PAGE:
By NLM Writer
Irony is a form of politics, to quote Franco Berardi. But even when it is not, often, irony and politics go hand-in-hand. This spectre defines the General Election in August – and, by extension, President Uhuru Kenyatta’s political legacy.
Deputy President William Ruto has long maintained that the 2018’ handshake’ between President Kenyatta and Orange Democratic Movement leader Raila Odinga derailed the Jubilee government’s development and governance track record. On his part, Mr Odinga insists that the Handshake helped resolve the political crisis that followed the disputed elections of 2017 – Odinga boycotted a rerun ordered by the Supreme Court in October of the same year.
Mr Odinga was accused of treason – although he was never tried – following his unofficial swearing-in in Uhuru Park in January 2018, culminating in the Handshake barely two months later after President reached out to the ODM leader for talks and reconciliation. The resultant pact created a strange political world in which Mr Odinga, once a bitter critic of the UhuRuto duo, has emerged as one of the strongest defenders of the Jubilee government.
Mr Odinga is steadfast in defending President Kenyatta’s track record on healthcare and infrastructure, but he continues to criticise the Jubilee government’s performance on debt. Experts have long raised concern about the terms and structure of Kenya’s debt portfolio, with such criticism often dismissed by none other than the Treasury itself as alarmist.
In September last year, the Central Bank – which has always expressed confidence that our public debt is manageable – raised the alarm and asked the government to curb its ballooning debt, which currently stands at over Sh8.4 trillion – more than 70 percent of GDP.
Odinga argues that a large proportion of the additional debt burden was incurred in the Jubilee government’s first term and confines his praise of President Kenyatta Uhuru to his second term.
On the other hand, DP Ruto blames the Handshake for the country’s unmanageable debt. Ruto has capitalised on the debt status, accusing the Handshake duo of overseeing the raising of the debt ceiling to unmanageable levels.
“Tragically, the only thing I can remember that the Handshake has done on matters to do with the economy is to borrow Sh7 trillion in the last five years,” the DP said during UDA National Delegates Conference at Kasarani in March.
In the same breath, the Mr Ruto says he broke ranks with his boss because the president “openly told me he no longer wanted us to work together in delivering our Jubilee administration promises to Kenyans.”
Such is the irony that characterises this year’s General Election: it is a contest between a sitting Deputy President campaigning in opposition to his government and an Opponent aspirant endorsed by the President. And in March this year, that spat played out in the international arena when both the DP and Mr Odinga visited London to rally support in the diplomatic community.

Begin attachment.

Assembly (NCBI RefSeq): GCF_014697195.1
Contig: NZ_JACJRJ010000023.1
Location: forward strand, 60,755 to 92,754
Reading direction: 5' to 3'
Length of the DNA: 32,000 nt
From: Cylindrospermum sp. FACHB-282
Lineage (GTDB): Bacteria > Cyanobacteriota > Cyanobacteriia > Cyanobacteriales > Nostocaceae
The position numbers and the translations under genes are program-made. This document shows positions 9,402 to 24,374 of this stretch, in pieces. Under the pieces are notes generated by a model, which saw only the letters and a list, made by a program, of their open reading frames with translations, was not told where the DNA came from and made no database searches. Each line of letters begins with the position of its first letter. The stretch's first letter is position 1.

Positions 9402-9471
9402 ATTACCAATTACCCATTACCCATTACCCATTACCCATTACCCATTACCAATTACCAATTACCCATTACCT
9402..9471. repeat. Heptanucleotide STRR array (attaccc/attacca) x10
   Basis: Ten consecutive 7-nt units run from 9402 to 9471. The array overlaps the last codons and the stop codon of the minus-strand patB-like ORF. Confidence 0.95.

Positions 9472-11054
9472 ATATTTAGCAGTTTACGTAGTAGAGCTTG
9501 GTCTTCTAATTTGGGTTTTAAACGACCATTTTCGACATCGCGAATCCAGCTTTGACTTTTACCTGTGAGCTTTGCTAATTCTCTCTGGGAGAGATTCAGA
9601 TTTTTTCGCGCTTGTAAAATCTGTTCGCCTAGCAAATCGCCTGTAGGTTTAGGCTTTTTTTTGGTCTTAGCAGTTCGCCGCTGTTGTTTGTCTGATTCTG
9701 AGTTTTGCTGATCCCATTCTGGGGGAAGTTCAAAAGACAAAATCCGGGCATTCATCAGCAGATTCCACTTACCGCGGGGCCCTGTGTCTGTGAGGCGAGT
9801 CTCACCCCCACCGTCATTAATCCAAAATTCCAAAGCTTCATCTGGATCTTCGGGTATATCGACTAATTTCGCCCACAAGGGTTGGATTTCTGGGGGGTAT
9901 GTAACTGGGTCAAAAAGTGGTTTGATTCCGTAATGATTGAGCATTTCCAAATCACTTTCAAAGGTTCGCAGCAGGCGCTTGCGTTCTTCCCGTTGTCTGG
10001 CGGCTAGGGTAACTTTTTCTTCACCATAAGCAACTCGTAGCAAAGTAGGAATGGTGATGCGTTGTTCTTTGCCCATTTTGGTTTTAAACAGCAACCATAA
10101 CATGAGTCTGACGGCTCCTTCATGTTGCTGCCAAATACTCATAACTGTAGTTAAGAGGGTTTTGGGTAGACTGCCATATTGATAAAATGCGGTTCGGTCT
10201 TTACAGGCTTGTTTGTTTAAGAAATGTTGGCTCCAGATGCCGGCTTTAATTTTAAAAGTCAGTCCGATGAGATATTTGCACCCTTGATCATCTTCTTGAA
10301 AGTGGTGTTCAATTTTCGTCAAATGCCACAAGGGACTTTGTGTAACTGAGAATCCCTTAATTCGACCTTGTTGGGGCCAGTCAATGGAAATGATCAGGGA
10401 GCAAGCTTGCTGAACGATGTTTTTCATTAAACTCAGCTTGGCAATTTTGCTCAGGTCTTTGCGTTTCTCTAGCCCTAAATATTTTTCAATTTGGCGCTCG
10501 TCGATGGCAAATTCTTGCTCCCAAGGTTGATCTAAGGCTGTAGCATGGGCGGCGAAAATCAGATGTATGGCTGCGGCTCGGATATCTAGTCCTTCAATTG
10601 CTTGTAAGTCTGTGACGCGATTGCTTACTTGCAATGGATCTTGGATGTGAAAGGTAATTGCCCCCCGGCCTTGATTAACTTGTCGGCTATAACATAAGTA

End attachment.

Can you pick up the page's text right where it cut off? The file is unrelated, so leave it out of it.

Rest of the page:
Speaking at Chatham House when he visited Britain in March, Ruto promoted his bottom-up economic model as the elusive solution to which Kenyans have long aspired.
Ruto’s economic pitch is that he will support the ‘hustlers’ [common person]. His basis is that small businesses are the biggest support of Kenya’s economy. Small business grants and a government-backed loan scheme will help them unleash their economic potential to expand our economic base and GDP: the DP’s entire campaign rests on this premise.
Whenever he has had to respond to critics of his “hustler’s economic model”, DP Ruto has often responded that the alternative, the trickle-down approach, has failed because it is very good at breeding cartels – a euphemism for the fabulous riches that Kenya’s political elite, including the Kenyatta and Odinga families, have amassed. To his credit, the hustler economic model is a quite efficient campaign tool.
Mr Odinga, on the other hand, cites his reform-driven history and says he will tackle graft and waste of public resources, cut the country’s ballooning public debt, and provide monthly payments for the country’s poor and unemployed. In his speech at Chatham House, weeks after Ruto made his address there, Mr Odinga said he would prioritise easing the country’s debt burden by renegotiating loan terms and prioritising commercial loans with long-term lenders lower interest rates. Kenya, he insisted, would not default and would address any concerns through dialogue.
The upcoming General Election is an important democratic event, but it is also a litmus test of how well President Kenyatta can consolidate his tattered legacy, and Kenyans continue to debate the President’s election wager and political future in the Azimio candidate, Mr Odinga.
The curtain will fall – or is supposed to – on Kenyatta’s presidency in less than three months. But, as Dauti Kahura writes in ‘The Elephant’, the President does not behave like someone who wants to leave after his constitutionally mandated two terms are over.
When the Building Bridges Initiative was born, many correctly read its intentions as a project geared to secure a post-presidency position for Uhuru after 2022. Evidently, President Kenyatta has no intentions of exiting active politics soon. Besides staying on as leader of the Jubilee Party, he also chairs the powerful Council of the Azimio la Umoja-One Kenya coalition.
Although the Supreme Court officially killed off the BBI constitutional reform following its ruling on March 31, it did not entirely bury it. Mr Odinga has promised to revive many of its key provisions. As he told Chatham House, ‘I’m convinced our constitution still needs some reforms’.
For better or worse, President Uhuru’s legacy must be looked at through the lens of the August Election and the events leading to it. Two months out, it is clear the President has unfinished business and is in the thick of the makings of murky succession politics. (